When I was working in corporate, a lot of people mistaken my tenacity for competitiveness.
What I was striving for instead, was to be the best version of myself.
There is no competition between myself and others, just myself. Kobe Bryant coined a term for this – the Mamba Mentality – a constant journey towards being a better iteration of oneself.
Kobe was the greatest of his era in basketball. He had an unmatched work ethic and an inner monster that would stop at nothing to conquer what was in front of him. He would endure and spent very little time feeling sorry for himself when things weren’t going his way. He would find the silver lining and just work, work, work.
One of his most famous quotes said, “if you see me in a fight with a bear, pray for the bear”. This embodied everything about the way he played basketball and a lot of these principles can be applied in business.
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A lot of my drive stemmed from the fact that I came from a working-class family. As a child, I watched as my parents worked extremely hard to make ends meet. The sacrifices they made and the selflessness made me appreciate just how difficult it would have been for them to raise a family.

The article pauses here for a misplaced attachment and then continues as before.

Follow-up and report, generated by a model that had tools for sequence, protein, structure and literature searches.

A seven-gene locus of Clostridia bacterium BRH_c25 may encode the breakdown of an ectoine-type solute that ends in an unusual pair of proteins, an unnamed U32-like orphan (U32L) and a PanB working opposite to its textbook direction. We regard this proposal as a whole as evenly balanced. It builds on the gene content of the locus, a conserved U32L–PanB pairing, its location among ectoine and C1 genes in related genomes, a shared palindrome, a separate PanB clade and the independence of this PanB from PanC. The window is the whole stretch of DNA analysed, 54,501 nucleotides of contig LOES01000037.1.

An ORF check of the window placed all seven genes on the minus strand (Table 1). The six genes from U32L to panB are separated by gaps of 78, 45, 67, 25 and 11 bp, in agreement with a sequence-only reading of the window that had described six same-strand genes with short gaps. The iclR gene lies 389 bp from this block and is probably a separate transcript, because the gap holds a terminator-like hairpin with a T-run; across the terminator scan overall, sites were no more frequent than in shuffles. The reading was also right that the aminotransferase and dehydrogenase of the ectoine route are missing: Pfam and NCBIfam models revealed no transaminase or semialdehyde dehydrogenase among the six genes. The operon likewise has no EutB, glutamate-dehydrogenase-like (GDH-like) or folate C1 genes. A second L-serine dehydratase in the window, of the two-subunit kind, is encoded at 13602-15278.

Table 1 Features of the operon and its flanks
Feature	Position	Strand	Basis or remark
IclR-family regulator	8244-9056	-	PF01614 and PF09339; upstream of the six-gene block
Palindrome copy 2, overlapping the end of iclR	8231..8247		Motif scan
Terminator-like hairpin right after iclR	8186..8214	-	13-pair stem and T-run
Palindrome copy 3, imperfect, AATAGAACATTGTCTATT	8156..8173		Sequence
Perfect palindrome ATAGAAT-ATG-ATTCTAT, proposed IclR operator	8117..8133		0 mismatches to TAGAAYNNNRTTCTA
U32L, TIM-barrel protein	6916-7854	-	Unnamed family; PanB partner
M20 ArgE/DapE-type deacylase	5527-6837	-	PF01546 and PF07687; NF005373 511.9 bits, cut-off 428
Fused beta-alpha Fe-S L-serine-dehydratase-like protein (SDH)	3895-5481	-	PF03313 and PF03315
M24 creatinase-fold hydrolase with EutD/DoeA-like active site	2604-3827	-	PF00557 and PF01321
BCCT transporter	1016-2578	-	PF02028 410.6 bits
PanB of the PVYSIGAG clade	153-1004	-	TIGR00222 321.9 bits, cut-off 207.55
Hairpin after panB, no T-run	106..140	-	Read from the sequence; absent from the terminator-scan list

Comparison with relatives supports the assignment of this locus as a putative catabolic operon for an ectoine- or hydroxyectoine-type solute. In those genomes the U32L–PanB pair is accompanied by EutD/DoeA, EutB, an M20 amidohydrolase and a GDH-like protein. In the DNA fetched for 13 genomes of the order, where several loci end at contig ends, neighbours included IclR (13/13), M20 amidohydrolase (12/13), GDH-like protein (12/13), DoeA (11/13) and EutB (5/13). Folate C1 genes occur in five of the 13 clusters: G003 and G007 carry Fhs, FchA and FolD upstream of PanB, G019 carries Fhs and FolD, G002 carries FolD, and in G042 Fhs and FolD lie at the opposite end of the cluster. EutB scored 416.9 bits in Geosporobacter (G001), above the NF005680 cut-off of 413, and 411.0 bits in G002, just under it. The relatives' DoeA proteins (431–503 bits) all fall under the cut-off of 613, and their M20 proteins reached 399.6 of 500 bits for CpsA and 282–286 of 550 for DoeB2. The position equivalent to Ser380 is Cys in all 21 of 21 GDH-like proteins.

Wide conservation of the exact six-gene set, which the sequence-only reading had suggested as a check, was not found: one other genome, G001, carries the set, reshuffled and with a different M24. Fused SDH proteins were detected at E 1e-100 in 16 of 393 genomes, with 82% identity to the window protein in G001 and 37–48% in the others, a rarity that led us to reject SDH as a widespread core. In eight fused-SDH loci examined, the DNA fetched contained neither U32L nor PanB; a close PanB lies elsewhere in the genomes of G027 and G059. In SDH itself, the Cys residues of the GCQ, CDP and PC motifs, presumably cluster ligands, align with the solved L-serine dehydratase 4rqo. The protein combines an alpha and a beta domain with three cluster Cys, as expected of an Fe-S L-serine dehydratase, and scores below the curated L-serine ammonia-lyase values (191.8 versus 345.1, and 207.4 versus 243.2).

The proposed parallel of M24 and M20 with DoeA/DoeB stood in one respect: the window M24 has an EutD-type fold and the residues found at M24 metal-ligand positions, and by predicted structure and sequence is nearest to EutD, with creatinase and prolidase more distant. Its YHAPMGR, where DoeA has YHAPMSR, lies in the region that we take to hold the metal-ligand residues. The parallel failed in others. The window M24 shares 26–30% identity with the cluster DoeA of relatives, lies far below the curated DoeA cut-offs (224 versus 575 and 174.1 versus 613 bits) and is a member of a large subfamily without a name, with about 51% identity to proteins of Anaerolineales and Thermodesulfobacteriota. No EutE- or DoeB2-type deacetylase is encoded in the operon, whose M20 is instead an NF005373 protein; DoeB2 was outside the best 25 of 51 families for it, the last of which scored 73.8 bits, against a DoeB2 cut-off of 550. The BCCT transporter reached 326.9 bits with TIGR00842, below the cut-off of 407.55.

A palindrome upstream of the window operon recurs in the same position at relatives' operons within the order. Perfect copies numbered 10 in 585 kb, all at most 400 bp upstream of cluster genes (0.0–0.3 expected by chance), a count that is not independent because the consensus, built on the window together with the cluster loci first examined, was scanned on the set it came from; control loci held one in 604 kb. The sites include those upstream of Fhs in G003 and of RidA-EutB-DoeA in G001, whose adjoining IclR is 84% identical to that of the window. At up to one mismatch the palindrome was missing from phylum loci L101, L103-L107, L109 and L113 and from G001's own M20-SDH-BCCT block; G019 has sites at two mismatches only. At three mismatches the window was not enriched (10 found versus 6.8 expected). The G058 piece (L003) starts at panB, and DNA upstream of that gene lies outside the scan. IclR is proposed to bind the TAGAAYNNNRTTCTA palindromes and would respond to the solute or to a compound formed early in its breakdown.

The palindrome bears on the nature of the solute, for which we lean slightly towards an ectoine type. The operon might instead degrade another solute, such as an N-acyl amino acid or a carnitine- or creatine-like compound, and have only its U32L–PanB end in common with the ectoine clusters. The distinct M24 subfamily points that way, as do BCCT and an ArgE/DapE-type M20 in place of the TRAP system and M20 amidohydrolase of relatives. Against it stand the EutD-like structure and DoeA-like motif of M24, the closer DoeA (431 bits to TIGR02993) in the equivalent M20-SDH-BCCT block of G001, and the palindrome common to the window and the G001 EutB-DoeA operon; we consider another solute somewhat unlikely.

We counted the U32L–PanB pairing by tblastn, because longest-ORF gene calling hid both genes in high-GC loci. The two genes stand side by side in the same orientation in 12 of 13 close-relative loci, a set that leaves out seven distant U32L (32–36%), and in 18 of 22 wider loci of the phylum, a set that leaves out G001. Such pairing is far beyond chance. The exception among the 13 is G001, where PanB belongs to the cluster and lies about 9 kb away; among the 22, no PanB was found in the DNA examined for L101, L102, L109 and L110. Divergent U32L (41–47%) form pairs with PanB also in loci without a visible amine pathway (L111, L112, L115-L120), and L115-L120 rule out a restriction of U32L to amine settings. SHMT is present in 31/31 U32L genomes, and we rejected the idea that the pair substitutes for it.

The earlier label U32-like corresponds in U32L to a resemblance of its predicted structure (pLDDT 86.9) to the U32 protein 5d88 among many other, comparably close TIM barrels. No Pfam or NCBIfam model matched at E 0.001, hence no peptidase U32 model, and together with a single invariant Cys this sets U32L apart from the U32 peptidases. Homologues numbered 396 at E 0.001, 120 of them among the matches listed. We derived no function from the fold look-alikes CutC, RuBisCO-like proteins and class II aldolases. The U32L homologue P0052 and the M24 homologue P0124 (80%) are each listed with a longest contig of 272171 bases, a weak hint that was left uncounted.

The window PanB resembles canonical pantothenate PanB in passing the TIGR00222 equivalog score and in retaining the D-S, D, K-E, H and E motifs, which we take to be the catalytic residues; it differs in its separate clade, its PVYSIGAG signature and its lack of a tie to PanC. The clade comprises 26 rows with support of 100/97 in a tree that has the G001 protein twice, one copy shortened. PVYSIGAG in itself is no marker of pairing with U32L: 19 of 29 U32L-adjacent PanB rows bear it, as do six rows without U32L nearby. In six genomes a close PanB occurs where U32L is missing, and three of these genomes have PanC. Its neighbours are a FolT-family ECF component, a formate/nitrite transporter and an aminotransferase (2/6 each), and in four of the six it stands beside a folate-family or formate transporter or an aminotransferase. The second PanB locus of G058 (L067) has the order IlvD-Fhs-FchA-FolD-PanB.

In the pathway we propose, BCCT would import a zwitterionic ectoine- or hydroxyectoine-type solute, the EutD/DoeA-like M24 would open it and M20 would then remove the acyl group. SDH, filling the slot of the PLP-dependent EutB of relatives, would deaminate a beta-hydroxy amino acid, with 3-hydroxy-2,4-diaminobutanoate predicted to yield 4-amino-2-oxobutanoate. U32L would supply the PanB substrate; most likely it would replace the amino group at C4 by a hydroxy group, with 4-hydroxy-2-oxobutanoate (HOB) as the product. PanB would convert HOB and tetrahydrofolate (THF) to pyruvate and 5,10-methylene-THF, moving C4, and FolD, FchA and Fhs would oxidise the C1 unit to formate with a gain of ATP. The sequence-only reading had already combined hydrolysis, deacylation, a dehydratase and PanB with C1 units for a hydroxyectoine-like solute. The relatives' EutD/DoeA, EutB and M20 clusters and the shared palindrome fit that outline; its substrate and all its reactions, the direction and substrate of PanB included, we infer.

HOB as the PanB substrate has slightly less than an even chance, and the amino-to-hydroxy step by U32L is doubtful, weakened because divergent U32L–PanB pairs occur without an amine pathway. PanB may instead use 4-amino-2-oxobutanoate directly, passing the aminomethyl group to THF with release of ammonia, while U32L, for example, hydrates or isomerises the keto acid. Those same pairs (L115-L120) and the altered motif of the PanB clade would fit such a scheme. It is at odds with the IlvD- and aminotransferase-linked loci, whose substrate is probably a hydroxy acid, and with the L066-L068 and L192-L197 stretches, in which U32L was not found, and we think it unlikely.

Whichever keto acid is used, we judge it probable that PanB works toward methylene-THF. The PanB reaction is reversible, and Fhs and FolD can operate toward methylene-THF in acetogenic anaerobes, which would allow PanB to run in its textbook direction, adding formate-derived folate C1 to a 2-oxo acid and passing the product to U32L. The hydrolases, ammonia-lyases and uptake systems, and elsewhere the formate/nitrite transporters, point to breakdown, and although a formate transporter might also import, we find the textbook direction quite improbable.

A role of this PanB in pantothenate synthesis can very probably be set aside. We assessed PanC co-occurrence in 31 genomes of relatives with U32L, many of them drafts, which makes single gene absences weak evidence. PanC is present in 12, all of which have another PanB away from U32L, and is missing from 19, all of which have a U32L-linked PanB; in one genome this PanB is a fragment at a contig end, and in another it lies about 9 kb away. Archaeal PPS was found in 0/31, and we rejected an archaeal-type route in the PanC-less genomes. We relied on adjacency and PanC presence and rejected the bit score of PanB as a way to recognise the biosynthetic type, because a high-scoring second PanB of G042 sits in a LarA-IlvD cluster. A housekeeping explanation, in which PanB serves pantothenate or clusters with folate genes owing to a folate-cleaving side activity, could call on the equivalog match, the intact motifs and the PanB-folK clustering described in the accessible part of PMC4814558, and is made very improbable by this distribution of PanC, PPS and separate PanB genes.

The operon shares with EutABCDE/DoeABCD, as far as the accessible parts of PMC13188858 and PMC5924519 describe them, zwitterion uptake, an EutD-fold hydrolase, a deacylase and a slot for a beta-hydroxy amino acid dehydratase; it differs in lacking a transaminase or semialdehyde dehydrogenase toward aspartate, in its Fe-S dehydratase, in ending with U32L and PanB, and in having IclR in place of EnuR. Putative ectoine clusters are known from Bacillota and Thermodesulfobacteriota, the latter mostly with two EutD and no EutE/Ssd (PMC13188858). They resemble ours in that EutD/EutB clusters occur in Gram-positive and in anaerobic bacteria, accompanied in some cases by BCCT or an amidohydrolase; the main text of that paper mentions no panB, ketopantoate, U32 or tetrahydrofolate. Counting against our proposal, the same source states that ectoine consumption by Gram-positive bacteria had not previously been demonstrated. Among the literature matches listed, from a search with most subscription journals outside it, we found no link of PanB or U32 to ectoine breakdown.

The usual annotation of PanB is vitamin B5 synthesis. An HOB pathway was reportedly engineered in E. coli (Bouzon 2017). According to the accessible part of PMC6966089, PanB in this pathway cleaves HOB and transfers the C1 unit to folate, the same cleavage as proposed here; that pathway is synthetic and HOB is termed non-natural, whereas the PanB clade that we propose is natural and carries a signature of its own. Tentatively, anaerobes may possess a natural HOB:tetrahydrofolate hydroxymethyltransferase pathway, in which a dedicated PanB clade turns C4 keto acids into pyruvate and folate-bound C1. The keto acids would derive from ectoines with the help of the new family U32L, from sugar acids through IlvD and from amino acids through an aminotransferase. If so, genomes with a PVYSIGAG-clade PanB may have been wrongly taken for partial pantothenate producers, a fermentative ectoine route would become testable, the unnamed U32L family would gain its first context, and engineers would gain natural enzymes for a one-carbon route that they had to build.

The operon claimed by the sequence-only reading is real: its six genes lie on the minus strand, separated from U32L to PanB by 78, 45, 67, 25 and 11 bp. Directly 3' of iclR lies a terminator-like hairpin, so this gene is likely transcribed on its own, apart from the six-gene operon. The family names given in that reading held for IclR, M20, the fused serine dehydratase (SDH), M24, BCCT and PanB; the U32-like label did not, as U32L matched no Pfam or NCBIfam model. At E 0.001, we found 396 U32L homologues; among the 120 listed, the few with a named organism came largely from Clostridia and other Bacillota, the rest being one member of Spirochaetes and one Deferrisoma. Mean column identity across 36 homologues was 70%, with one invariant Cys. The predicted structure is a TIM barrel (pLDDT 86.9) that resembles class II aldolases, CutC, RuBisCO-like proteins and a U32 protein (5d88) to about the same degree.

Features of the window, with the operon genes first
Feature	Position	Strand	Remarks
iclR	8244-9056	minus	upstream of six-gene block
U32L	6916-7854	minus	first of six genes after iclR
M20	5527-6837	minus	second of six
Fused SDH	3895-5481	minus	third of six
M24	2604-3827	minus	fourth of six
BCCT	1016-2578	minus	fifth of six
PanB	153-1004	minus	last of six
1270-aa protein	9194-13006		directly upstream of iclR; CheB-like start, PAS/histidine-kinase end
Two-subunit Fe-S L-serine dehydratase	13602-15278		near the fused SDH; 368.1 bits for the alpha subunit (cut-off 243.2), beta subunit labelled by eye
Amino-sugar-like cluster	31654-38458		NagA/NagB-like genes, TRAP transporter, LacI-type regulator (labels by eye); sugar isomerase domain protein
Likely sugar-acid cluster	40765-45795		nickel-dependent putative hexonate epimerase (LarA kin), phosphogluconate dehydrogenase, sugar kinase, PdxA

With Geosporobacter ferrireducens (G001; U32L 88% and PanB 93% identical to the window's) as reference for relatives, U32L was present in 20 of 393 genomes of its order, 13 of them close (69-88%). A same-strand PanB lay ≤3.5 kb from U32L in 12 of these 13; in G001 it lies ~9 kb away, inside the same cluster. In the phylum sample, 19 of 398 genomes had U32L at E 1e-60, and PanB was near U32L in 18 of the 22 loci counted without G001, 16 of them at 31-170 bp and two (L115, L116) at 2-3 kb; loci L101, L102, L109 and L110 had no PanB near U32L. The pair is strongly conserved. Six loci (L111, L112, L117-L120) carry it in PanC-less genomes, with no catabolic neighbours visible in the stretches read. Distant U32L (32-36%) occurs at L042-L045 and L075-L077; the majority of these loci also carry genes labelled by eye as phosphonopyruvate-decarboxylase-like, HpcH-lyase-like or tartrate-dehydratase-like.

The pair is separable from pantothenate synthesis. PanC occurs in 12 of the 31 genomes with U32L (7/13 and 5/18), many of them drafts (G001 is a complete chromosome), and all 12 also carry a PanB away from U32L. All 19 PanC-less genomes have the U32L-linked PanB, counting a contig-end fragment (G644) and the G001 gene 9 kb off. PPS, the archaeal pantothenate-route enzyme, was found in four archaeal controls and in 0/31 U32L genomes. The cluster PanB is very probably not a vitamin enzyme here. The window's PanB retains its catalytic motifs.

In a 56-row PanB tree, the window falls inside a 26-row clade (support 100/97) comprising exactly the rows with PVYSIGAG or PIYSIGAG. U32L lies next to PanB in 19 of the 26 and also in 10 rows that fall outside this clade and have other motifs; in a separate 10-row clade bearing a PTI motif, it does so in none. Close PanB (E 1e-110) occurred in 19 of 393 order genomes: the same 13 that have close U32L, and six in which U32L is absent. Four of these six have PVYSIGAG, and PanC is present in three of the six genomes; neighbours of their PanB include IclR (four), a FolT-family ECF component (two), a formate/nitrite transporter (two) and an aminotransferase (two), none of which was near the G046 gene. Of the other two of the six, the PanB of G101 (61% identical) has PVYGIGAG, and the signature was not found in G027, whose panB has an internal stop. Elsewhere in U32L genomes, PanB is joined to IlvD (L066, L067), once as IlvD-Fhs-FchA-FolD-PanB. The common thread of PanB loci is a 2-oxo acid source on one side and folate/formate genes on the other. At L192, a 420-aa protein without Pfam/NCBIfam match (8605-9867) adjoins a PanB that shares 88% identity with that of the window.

I made a commitment to myself that not only would I repay my parents for their hard work in raising our family, but to ensure that I am working just as hard as they did.
In the early days of my career, there was no job too tedious or small for me. I was putting my hand up for anything and getting my hands dirty. I’d be the first one in the office and the last one out. When you work as hard as that, you tend to make your own luck.
This is what gave me my first big break – I had a longstanding relationship with a client for over 8 years who chose to be my first client when I decided to start my own business. He could have easily parted ways with me and picked any other accounting firm. However, he saw something in me and I was rewarded with landing my first paid client.
I genuinely believe that had it not been for channelling this “Mamba Mentality”, that I wouldn’t be where I am today.
I think you make your own luck, in a way, and position yourself to be able to capitalise on opportunities like the ones I was able to.
So, instead of looking behind your shoulder, I suggest you look at yourself in the mirror. If you’re better than you were yesterday, then you’re on the right track.